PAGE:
ChemEd X activities are student-centered resources intended to aid learning chemistry topics.
ChemEd X encourages engaging activities where students (with guidance from the teacher) pose questions, analyze data, and make observations to offer a plausible explanation supported by data and consistent with physical observations.
The major component of a non-carbonated drink such as KoolAid or a similar beverage is usually a fruit acid, either citric acid or malic acid. The titratable acid (H+) concentration of such drinks has been found to be in the range of 0.02 to 0.04 M. A weak acid-strong base titration of these drinks with 0.1 M NaOH solution is feasible as a student exercise. Phenolphthalein indicator may be employed so long as the drink is not intensely coloured. The use of such drinks as reagents is safe, convenient, and inexpensive. Experiment instructions are included.
Nora Walsh shares the outline of the interactive notebook pages she uses for her gases unit. Templates for all of the documents and foldables are available for download.
This engaging activity uses wrapped and unwrapped candy to simulate alpha and beta decay.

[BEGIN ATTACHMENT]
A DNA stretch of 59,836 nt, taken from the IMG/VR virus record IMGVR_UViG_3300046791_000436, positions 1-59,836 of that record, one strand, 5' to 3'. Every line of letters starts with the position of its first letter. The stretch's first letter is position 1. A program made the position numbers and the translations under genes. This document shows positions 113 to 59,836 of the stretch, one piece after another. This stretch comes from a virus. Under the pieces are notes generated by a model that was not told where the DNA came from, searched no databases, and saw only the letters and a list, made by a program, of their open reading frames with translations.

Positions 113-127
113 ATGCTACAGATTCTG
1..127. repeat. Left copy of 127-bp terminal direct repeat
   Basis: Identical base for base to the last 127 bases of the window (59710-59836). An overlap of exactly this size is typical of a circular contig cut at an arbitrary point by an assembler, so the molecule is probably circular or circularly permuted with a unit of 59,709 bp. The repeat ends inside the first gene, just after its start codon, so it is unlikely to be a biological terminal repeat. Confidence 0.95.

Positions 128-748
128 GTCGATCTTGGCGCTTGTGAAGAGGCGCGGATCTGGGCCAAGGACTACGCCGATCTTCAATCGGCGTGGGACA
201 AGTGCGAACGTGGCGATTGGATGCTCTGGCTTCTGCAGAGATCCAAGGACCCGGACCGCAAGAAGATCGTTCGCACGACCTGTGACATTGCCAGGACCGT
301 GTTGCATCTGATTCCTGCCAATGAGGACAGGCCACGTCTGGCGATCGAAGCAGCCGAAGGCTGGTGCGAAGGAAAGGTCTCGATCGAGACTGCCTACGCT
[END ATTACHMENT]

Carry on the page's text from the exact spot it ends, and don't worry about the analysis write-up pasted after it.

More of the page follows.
Nora Walsh has been using interactive notebooks for some time. Here she outlines her stoichiometry unit and explains how she uses the interactive notebooks with her students.
Michael Jansen runs this engaging "big picture" lab on day 1 of Grade 11 Chemistry, which is the students' first dedicated Chemistry course.
In recent years, the fluorescence properties of pumpkin seeds have been highlighted on social media. When illuminated with a UV lamp, pumpkin seed extract appears orange/red to the human eye due to fluorescence associated with protochlorophyllide that is present in the seeds. Chlorophyll extracts can also be used as a fluorescent dye in “glowstick” chemiluminescence experiments. The similarities between chlorophylls and protochlorophyllide raised the question, is it possible to use pumpkin seed extract as a fluorescent dye in chemiluminescence experiments? In this short article, some results are reported from attempts to use pumpkin seed extracts for chemiluminescence experiments.
Engage your students with this stoichiometry scavenger hunt!
Finding demos related to nuclear chemistry that are interesting, relevant, and manageable is challenging. Melanie Harvey is both a chemistry professor and a ceramic artist. Using Fiestaware to talk about the historical use of radioisotopes is one of her favorite demonstrations.
This flipbook activity helps students to identify and solve problems involving empirical formulas, molecular formulas and percent composition while also helping them see how they are related to each other.
Using guided inquiry learning to identify patterns and trends in the Quantum Mechanical Models of elements.